We’ve spent the last several days hanging around Christleton, with one short sojourn to fill up the water tank. We heard on Tuesday evening that Mags’ sister Doris had had a fall, cut her head and was admitted to hospital. After stitching and a couple of nights observation she was released to an intermediate care unit as they didn’t think she was well enough to go home straight away.
We had to see that she was OK, so on Friday I hired a car from Enterprise in Chester, and we went over to Hyde, south of Manchester, to see her.
She’s not too bad, but is likely to be there for a couple of weeks until they’re happy with her condition.
We drove back in heavy showers, making it interesting on the motorway. It struck me, while peering through the spray, that a driver from the 1940’s wouldn’t recognise much of the equipment on a modern car, apart from the basic controls of wheel and pedals. But one thing that would be familiar is the strip of rubber on a stick for clearing rain off the screen! In this age of sophisticated technology there’s still nothing better for the job than a squeegee!
The plan on Saturday was to move down five locks into the city, mooring up for a couple of days above the triple staircase at Northgate. To simplify the hiring arrangements I‘d cycled to Enterprise to collect the car, left the bike there, then cycled back after dropping it off first thing on Saturday. Coming back to Christleton on the towpath gave me a chance to review the mooring situation, and it was dire. All the moorings were chock-a-block, not a space to be had.
So we had to change our minds. We needed water, so headed into town, turned around at the winding hole at Quarry Bridge, then reversed the quarter-mile to the tap to fill up. Then we returned to the moorings near The Cheshire Cat.
Under Quarry Bridge on the way back
Yesterday we had visitors again, Val and John, and a couple we’d not seen for a couple of years, Mike and Yen.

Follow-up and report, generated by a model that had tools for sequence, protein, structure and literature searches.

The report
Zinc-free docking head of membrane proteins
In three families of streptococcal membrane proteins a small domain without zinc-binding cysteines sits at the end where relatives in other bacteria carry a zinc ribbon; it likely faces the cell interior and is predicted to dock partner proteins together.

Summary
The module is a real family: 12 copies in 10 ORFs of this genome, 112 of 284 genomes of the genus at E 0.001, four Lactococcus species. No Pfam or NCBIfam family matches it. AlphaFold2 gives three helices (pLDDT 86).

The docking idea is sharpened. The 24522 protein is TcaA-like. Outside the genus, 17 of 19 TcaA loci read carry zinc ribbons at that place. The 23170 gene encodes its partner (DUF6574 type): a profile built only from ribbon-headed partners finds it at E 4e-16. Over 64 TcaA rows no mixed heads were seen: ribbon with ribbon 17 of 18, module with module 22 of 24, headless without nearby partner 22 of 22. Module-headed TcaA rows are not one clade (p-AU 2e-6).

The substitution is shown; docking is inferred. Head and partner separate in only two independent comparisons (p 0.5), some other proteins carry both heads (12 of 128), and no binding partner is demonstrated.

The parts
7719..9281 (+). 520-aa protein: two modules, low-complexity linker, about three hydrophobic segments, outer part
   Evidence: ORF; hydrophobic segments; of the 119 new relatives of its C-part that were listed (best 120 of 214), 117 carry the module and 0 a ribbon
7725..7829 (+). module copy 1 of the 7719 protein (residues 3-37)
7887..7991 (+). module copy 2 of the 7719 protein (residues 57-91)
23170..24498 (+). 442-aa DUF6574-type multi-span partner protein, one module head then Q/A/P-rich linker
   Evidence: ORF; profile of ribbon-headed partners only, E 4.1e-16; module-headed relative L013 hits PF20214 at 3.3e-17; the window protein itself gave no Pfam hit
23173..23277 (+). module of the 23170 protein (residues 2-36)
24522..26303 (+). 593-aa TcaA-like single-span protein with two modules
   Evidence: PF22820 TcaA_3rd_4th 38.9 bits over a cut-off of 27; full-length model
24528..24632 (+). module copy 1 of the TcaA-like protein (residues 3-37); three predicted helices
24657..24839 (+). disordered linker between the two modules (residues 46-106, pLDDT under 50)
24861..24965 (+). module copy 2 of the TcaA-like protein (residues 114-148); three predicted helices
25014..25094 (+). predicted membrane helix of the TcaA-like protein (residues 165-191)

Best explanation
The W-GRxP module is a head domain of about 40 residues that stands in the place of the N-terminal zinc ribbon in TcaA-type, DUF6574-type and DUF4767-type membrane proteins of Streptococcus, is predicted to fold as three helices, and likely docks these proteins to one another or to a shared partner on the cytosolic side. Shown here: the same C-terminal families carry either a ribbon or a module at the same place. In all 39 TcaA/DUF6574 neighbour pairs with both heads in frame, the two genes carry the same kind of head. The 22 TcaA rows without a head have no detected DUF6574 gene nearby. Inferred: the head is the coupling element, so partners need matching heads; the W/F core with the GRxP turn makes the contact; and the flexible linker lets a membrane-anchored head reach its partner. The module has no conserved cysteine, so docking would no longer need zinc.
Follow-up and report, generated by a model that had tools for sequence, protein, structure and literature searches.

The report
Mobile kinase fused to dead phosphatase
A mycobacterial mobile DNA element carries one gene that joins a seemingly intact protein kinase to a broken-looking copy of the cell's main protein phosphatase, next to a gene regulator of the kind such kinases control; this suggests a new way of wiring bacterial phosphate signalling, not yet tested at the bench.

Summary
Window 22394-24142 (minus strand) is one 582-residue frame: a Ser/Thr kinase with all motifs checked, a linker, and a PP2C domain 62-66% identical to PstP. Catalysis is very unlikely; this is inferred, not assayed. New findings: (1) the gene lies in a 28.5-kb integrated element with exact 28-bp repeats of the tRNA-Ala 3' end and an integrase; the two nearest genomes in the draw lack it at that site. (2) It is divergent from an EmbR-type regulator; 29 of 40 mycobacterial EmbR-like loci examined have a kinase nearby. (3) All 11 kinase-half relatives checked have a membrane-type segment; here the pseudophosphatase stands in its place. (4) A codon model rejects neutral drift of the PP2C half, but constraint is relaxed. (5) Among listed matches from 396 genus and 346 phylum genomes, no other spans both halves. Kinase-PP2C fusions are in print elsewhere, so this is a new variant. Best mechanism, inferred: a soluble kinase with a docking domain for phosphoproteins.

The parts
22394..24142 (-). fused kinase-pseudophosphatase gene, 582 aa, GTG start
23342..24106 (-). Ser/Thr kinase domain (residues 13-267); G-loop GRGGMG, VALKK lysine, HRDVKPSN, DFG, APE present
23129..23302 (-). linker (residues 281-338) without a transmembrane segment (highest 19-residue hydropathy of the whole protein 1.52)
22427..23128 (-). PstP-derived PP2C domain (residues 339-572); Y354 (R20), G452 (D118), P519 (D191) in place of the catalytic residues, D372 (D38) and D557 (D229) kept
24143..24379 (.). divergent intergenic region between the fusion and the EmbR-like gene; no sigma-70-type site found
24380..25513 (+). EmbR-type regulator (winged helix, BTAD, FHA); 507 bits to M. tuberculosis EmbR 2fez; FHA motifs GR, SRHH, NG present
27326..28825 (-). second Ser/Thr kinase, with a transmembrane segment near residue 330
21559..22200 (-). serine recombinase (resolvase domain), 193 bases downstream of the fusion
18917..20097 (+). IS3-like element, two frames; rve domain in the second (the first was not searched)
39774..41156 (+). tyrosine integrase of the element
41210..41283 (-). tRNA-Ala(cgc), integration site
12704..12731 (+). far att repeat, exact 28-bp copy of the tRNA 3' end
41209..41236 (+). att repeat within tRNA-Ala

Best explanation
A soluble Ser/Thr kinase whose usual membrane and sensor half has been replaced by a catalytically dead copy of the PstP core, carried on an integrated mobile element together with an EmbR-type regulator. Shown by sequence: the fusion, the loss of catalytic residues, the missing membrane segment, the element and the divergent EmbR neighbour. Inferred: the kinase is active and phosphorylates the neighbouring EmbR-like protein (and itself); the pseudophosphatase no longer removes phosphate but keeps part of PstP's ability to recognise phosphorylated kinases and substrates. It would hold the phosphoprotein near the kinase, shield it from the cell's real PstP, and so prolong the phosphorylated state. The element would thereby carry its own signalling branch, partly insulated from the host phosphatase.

We had a good couple of hours chatting before they had to take off again. Them coming was one of the reasons we wanted to be down in Chester; we’d intended to have a walk around the city centre. But it was very wet, heavy showers blowing through regularly so the walk might not have happened anyway.
Today’s forecast was for early rain clearing by lunchtime, so we decided to set off back towards Barbridge. The rain had turned to drizzle by 10, so we pulled pins and got going.
Heading past The Cheshire Cat
The drizzle turned to rain, then back to drizzle, but showed no sign of stopping. It’s not what we do, cruising in the rain, so I made up my mind that if it hadn’t stopped by the time we reached Tattenhall Marina we’d pull over there.
Victorian-style lamps on Egg Bridge
Not my idea of a des-res alongside Long Lane, but then it’s probably not the owner’s either…
The tedious 35 minutes of tick-over past the length of the Golden Nook moorings starts a little further along.
Although there’s around 30 miles of broad canal from Nantwich to Ellesmere Port, we’ve only seen one wide-beam boat on the main line.
Of course, fat boats would either have to be craned in or come up off the Ship Canal at Ellesmere Port, so that probably limits their numbers. There could be more in the marinas, though, just used as accommodation.
It hadn’t stopped raining by the time we came under Crow’s Nest Bridge, so we pulled in alongside Tattenhall Marina. It was lunchtime so we got the kettle on. By the time we’d eaten, though, the rain had eased, but we decided to stay put anyway.
Not sure what we’re doing tomorrow, it’s supposed to be fine after a cold start so we might shove on a bit, but I’ve got the gunnels to paint. Or at least make a start on them…
Locks 0, miles 5